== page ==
The Democratic Party (DP) has called on President Museveni to diminish his personal animosity towards his predecessors, with a specific focus on former President Idi Amin.
This request comes in response to Museveni’s strong rejection of a proposal made by former Obongi West MP, Kaps Fungaroo, who had urged the Minister of Education, Janet Kataha Museveni, to consider establishing an institute to honor the memory of Idi Amin Dada.
President Museveni, however, wasted no time in expressing his disapproval of this request, going so far as to urge his wife, the Minister of Education, to deny it outright. Museveni stated, “This request is inappropriate, and it should be denied.”
Museveni’s argument against the proposal revolves around his belief that Idi Amin’s government was illegitimate and that Amin himself was an unconstitutional leader. He pointed out the numerous atrocities committed during Amin’s rule, including the killing of Acholi and Lango soldiers in Mbarara, prisoners in Mutukula prison, as well as prominent figures like Ben Kiwanuka and Basil Bataringaya. Furthermore, Museveni highlighted Amin’s expulsion of Indian entrepreneurs, which, in his view, led to their enrichment in Canada and the United Kingdom. As a result, Museveni deemed it unacceptable to license an institute to promote or study Amin’s work and decreed that this part of history should be forgotten.
The DP’s acting spokesperson, Ismail Kiirya, countered Museveni’s stance in a statement, arguing that Museveni’s personal animosity should not be projected onto the entire country. Kiirya acknowledged Amin’s issues with fundamental human rights, the rule of law, and constitutionalism, but he emphasized that Amin had been Uganda’s former president. Kiirya suggested that if Museveni truly wanted to move on from Amin’s legacy, he should consider stripping Amin of his status as a former president. However, if this wasn’t possible, Kiirya warned that Uganda would continue to recognize Amin as a former president.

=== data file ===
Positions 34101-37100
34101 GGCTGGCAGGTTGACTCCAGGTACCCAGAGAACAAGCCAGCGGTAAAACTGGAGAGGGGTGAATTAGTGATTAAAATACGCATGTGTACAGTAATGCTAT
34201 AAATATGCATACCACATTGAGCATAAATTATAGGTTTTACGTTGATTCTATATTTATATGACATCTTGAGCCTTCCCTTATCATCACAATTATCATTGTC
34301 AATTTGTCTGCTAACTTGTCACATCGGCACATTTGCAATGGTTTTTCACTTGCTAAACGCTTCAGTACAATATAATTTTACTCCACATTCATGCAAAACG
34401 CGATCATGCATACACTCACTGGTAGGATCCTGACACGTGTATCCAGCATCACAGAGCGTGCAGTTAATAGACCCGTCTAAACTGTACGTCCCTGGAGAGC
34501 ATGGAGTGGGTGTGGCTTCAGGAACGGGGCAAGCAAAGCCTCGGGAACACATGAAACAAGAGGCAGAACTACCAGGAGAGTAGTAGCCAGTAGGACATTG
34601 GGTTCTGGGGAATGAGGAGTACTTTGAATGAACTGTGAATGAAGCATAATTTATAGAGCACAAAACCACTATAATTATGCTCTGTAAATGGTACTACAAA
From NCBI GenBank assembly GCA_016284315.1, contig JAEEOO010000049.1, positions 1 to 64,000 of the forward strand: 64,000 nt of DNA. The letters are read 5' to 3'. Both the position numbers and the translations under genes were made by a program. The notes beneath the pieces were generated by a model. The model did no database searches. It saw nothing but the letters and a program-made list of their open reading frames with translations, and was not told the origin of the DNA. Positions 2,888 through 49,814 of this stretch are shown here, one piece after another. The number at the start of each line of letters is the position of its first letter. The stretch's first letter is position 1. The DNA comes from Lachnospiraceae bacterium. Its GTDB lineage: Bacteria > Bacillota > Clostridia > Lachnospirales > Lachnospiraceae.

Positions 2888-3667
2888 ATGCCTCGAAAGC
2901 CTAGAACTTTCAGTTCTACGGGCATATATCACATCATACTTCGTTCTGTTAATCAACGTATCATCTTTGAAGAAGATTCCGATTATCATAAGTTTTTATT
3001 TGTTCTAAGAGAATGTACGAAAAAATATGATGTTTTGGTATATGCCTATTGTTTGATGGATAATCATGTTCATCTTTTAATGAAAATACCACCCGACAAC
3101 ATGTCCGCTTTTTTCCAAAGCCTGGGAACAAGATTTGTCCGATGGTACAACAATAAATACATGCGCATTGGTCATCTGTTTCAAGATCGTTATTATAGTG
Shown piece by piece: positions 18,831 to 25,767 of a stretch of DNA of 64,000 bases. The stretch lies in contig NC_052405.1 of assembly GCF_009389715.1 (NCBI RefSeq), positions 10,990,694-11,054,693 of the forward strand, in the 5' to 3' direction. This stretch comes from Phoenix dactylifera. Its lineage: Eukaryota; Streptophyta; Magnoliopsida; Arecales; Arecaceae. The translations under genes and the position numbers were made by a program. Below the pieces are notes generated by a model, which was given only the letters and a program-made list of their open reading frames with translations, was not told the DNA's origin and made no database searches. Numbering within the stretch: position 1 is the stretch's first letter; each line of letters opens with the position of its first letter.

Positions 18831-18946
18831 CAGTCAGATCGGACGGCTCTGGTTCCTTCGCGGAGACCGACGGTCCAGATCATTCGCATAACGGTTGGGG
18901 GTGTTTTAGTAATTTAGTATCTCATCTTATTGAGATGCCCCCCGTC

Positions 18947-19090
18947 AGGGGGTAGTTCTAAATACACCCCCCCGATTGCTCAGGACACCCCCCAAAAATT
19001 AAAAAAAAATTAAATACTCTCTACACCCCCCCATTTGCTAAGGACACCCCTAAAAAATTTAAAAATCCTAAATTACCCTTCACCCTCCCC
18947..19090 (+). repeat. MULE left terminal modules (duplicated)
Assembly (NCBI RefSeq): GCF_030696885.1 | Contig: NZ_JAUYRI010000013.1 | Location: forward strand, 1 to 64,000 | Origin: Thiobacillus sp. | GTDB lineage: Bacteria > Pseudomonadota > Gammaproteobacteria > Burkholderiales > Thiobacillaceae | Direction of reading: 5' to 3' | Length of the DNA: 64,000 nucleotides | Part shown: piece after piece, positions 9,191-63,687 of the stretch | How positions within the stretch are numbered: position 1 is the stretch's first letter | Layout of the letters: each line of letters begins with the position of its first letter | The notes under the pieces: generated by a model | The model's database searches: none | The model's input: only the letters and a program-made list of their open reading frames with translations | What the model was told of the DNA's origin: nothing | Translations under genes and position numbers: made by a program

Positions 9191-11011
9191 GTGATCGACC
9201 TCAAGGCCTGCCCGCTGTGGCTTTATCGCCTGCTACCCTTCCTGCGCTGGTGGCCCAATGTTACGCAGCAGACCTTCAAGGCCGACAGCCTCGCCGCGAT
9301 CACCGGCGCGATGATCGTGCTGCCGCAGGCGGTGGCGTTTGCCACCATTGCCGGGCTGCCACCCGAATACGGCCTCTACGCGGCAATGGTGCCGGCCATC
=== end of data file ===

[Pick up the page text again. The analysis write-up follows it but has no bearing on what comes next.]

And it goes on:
Kiirya also pointed out that despite Amin’s perceived shortcomings during his leadership, he had managed to revitalize Uganda’s economy, develop Uganda’s satellite in Mpoma, and establish oil reserves, among other achievements. He cautioned that by sowing the seeds of animosity towards former presidents, Museveni could potentially face scrutiny for any atrocities committed during his own time in leadership. Kiirya contended, “President Idi Amin accomplished more for Uganda in his eight-year rule than could have been achieved in 40 years.” He suggested that the country was currently working toward reconciliation with former presidents and warned that failing to embrace this path could lead to a challenging transition when Museveni eventually left power, as some might view him as worse than President Idi Amin.